Footwork Exercise III: Heels

In this exercise the heels are placed on the bar and the toes should be in a straight line.  Sometimes it is taught that the toes should be pulling back toward the body and sometimes that the toes be lengthened toward the ceiling.  Neither is incorrect, it depends what you want to achieve with the exercise.

In this case we keep the toes lengthened toward the ceiling.  The foot needs to stay still as if you are standing on the floor, while the ankle, knee and hip joints should hinge as the legs glide in and out.

Footwork Exercise IV: Lift/Lower

This is a fab exercise and enables the client to feel a good stretch through the front and back of the leg.  With the feet in a parallel (or sometimes V position) and heels lifted, the legs are straightened.  Then whilst keeping the legs straight (but ensuring the knees are not locked), the heels are dropped under the bar.  As well as feeling a nice hamstring stretch, a stretch through the sole of the foot should also be felt.  When returning to the start position the heels should be lifted.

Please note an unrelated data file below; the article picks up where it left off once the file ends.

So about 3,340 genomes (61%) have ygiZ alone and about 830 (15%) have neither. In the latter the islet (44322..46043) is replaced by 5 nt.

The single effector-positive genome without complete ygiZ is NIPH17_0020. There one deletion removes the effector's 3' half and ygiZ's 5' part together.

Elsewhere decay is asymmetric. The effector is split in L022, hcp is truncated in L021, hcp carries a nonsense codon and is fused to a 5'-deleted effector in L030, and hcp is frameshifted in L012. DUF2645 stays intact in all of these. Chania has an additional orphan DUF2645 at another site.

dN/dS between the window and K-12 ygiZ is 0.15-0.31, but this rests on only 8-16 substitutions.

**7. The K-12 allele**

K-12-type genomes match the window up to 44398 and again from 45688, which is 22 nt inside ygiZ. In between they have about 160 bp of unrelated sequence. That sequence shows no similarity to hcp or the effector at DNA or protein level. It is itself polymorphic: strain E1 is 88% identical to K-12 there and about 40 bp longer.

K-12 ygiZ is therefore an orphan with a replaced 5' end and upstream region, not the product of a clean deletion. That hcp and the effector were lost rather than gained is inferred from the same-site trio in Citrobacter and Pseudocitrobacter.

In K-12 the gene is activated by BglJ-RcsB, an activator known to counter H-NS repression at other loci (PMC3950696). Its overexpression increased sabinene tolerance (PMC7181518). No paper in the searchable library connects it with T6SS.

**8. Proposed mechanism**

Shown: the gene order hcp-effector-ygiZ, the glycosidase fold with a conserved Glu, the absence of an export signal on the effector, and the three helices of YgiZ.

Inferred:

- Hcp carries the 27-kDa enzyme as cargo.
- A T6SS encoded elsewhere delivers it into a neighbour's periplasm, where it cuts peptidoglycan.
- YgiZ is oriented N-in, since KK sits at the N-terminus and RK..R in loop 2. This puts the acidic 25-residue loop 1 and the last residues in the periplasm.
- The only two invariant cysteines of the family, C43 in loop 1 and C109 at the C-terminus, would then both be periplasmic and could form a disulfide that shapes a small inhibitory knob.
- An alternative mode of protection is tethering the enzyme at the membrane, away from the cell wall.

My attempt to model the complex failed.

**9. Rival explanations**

There are many variations in the footwork but they all work to strengthen and align the body.  Our poor feet take a lot of mistreatment from the shoes we wear and our daily lives and are often a little neglected and taken for granted!  However they deserve our full attention sometimes and the benefits of the Pilates footwork series will be felt throughout the whole body.

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Posted by on Jul 11, 2013 in Featured, Pilates | 0 comments

The Pilates Roll Down

The Pilates Roll Down

Although not one of the original Pilates exercises, the Roll Down is one of the most basic exercises and can highlight many weakness or imbalances within the body.  I will very often use the Pilates Roll Down (as opposed to a yoga roll down) as a warm up exercise in my classes and is a super exercise for improving spine and back mobility.